The researchers then analyzed 15 climate models that outlined a scenario in which greenhouse gas emissions continue unabated. They estimated that convective available potential energy would increase by roughly 86% and moisture by 17% over permafrost areas by 2081 to 2100. As a result, summertime lightning was projected to increase by roughly 112% by the end of the century.
The team also predicted that areas near the northern treeline would see about 0.21 lightning flashes per square kilometer per month in the summertime, which is similar to present-day lightning activity 480 kilometers to the south in boreal forests.
The findings suggest that, under this business-as-usual climate scenario, for every 1 degree Celsius of global warming, the summer lightning flash rate will increase by around 40% in the Arctic tundra, 23% in boreal forests and 25% for the whole circumpolar region.
"Our estimates for relative increases in lightning across Arctic tundra are about three times as large as the previous estimates for the contiguous United States, highlighting the large changes in atmospheric stability expected at high northern latitudes," Chen and his colleagues wrote in the study.
Lightning is a major source of burning in boreal and Arctic regions, "So when you increase the lightning, the fires are very likely to increase," Chen said.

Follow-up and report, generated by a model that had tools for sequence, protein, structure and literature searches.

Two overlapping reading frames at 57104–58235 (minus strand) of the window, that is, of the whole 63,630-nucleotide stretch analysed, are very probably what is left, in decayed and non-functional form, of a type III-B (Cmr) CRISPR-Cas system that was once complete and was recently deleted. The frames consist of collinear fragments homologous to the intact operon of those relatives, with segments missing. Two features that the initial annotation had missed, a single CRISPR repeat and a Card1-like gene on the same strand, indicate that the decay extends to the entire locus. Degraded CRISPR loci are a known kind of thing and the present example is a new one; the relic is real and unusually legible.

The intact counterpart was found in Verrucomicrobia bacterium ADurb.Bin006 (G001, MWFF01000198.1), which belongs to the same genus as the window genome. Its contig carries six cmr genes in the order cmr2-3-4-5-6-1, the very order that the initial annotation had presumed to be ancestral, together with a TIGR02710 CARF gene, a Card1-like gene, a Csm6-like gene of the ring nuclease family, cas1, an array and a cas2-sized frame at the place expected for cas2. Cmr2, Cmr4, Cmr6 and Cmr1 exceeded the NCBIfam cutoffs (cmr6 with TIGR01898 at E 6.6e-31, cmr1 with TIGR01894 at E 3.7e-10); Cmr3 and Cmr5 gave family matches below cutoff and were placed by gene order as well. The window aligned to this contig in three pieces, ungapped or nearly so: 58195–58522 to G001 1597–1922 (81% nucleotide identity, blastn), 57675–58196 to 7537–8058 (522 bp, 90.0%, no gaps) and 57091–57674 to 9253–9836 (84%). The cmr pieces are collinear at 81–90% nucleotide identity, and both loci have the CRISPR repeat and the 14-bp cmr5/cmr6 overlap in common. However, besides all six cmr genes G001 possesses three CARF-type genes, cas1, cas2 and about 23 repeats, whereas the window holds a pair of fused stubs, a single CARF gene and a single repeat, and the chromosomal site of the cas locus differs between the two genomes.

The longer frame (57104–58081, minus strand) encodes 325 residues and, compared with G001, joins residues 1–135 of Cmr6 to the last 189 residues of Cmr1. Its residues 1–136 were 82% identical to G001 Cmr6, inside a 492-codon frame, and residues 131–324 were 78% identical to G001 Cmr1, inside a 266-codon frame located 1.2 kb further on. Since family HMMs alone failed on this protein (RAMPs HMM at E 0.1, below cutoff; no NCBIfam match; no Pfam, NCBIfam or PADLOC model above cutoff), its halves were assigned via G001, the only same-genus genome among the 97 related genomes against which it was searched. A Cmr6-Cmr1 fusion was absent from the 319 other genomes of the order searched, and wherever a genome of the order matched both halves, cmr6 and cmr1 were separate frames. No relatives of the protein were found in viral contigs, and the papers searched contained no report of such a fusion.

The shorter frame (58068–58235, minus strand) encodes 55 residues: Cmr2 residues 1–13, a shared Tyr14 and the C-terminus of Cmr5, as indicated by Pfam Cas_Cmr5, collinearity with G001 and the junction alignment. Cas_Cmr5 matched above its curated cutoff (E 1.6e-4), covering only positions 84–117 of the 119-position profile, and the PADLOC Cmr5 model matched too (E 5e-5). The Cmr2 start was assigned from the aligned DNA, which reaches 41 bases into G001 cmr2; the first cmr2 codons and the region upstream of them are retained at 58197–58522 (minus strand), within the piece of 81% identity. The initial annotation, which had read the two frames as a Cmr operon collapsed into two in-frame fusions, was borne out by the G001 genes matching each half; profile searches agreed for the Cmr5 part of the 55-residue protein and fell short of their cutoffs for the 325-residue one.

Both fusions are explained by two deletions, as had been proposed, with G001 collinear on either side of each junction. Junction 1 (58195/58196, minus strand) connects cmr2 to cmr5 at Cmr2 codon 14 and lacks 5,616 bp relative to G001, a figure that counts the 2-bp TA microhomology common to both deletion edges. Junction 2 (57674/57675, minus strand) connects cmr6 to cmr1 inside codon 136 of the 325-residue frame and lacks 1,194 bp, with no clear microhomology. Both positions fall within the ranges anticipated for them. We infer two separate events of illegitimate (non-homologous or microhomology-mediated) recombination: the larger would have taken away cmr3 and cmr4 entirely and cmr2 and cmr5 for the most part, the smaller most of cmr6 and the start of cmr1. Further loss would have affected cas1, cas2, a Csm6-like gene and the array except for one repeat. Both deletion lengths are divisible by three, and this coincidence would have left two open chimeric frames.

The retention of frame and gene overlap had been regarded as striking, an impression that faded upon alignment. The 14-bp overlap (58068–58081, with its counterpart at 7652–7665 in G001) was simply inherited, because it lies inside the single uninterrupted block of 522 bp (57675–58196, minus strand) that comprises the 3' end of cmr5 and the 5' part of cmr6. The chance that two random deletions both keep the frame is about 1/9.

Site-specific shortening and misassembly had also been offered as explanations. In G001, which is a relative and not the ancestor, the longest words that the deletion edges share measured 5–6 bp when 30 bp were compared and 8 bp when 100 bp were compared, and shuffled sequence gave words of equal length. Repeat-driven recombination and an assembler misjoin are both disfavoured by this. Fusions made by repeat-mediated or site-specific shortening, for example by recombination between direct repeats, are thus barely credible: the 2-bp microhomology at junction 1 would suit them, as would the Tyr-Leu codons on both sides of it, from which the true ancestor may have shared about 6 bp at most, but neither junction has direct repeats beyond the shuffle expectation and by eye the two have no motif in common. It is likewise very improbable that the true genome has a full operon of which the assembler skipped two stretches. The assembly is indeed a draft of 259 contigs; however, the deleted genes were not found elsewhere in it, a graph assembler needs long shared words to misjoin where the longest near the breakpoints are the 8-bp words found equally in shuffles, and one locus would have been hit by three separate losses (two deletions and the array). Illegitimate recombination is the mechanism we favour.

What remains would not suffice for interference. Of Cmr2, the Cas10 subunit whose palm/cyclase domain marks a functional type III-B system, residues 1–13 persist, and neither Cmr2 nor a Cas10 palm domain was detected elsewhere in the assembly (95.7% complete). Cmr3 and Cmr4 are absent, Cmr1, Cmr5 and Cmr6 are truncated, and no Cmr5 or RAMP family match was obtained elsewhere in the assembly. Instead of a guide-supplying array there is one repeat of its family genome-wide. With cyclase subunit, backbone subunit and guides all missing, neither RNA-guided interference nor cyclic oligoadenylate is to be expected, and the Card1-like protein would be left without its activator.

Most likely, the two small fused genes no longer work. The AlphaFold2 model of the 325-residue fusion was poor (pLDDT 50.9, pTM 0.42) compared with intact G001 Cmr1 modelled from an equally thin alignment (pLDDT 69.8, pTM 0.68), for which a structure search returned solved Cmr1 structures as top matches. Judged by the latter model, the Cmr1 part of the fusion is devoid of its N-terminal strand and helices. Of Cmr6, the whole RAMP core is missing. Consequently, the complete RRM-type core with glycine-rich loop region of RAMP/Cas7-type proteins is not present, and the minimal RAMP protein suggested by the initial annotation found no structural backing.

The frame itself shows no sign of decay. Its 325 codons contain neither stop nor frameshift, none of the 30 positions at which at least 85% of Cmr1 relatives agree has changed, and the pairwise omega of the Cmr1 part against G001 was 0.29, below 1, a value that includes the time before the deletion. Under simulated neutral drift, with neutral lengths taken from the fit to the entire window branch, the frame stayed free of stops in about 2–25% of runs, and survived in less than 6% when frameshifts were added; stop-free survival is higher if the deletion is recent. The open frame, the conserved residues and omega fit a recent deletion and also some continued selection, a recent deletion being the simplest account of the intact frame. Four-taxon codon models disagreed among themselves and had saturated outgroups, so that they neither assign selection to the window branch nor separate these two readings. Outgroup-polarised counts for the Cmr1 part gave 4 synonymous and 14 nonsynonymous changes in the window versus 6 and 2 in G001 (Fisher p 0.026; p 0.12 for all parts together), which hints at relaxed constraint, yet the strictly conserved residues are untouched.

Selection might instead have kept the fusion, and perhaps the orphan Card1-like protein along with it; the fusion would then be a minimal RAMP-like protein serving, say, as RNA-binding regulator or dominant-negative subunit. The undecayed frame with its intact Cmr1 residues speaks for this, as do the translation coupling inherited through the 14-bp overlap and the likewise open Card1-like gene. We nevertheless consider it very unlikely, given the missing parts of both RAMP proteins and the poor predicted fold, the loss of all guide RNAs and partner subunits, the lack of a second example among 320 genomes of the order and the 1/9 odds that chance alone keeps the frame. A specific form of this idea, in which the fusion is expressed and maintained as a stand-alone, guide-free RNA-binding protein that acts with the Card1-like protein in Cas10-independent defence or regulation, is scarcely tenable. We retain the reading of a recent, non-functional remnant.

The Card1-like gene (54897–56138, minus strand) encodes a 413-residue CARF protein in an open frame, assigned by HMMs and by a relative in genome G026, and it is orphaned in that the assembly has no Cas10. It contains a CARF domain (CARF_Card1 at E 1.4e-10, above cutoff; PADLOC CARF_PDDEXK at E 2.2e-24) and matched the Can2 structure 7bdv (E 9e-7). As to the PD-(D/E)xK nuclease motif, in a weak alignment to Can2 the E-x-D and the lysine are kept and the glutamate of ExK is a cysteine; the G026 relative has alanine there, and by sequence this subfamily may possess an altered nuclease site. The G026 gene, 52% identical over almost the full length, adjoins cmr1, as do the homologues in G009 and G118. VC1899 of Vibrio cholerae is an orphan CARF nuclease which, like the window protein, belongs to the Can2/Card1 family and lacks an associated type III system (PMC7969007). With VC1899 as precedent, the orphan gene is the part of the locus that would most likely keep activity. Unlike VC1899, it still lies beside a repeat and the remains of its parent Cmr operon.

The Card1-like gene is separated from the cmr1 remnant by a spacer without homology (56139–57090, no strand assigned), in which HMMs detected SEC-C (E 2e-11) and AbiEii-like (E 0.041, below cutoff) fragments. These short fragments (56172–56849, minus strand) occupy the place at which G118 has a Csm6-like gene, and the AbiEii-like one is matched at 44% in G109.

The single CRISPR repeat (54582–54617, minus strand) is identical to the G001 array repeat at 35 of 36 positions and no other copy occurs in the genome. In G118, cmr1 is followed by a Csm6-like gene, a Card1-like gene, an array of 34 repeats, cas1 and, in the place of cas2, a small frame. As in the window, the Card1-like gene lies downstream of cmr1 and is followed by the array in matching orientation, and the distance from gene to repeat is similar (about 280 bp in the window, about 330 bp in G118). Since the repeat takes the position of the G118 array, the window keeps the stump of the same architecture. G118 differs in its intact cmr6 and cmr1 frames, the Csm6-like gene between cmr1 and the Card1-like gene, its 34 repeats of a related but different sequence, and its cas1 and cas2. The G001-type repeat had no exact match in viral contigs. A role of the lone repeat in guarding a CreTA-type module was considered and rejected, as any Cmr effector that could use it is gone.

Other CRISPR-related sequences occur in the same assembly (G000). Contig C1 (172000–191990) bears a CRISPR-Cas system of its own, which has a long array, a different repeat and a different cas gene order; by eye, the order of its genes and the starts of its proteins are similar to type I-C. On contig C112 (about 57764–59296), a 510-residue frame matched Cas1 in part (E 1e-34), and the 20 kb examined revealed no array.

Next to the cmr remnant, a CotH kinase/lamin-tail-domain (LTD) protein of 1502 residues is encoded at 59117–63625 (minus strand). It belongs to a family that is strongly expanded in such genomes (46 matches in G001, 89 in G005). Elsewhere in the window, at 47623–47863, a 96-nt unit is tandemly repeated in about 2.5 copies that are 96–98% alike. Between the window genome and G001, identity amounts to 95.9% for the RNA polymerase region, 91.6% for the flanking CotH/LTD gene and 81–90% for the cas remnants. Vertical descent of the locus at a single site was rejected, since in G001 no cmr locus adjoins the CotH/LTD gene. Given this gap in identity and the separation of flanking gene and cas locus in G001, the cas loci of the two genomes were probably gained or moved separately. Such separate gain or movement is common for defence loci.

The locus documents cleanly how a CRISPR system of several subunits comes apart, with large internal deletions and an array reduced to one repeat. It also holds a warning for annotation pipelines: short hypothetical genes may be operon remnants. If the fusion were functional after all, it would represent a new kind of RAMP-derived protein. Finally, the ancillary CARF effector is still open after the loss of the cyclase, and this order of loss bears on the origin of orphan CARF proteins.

By burning the surface soils and redistributing nutrients, wildfires alter the habitat in ways that make it more appealing for shrubs and trees than for grasses that are common on the tundra today.
"The trees will be moving northward to occupy those previously unoccupied regions, so you have basically more fire fuel, which can also additionally promote the burning of wildfires," Chen said.
And during early spring, he added, "Because of the forest, the snow cover will be much smaller, so albedo will be decreased, and the surface will absorb more energy from the sunlight, so it's going to lead to more surface warming."
Chen and his colleagues estimated that if the vegetation in the Arctic tundra remains largely unchanged, the increase in lightning activity will cause an annual 158% increase in burned area over the tundra by the end of the century. However, if lightning-induced wildfires cause the vegetation to resemble that south of the treeline, the tundra could see a 570% increase in burned area.
By extracting carbon dioxide from the air for photosynthesis, the increased vegetation may somewhat offset the impacts of more frequent lightning strikes.
"But how much, exactly, this mechanism will contribute to the carbon cycle, I think, is still in an active research area," Chen said.
The team is now investigating whether climate change will lead to a larger proportion of lightning strikes igniting wildfires.
"We are trying to relate the occurrence of lightning and the fires more directly," Chen said.
The study, "Future increases in Arctic lightning and fire risk for permafrost carbon," published April 5 in Nature Climate Change, was authored by Yang Chen and James T. Randerson, University of California, Irvine; Jacob T. Seeley, University of California, Berkeley, and Harvard University; David M. Romps, University of California, Berkeley, and Lawrence Berkeley National Laboratory; William J. Riley and Zelalem A. Mekonnen, Lawrence Berkeley National Laboratory; and Sander Veraverbeke , Vrije Universiteit Amsterdam.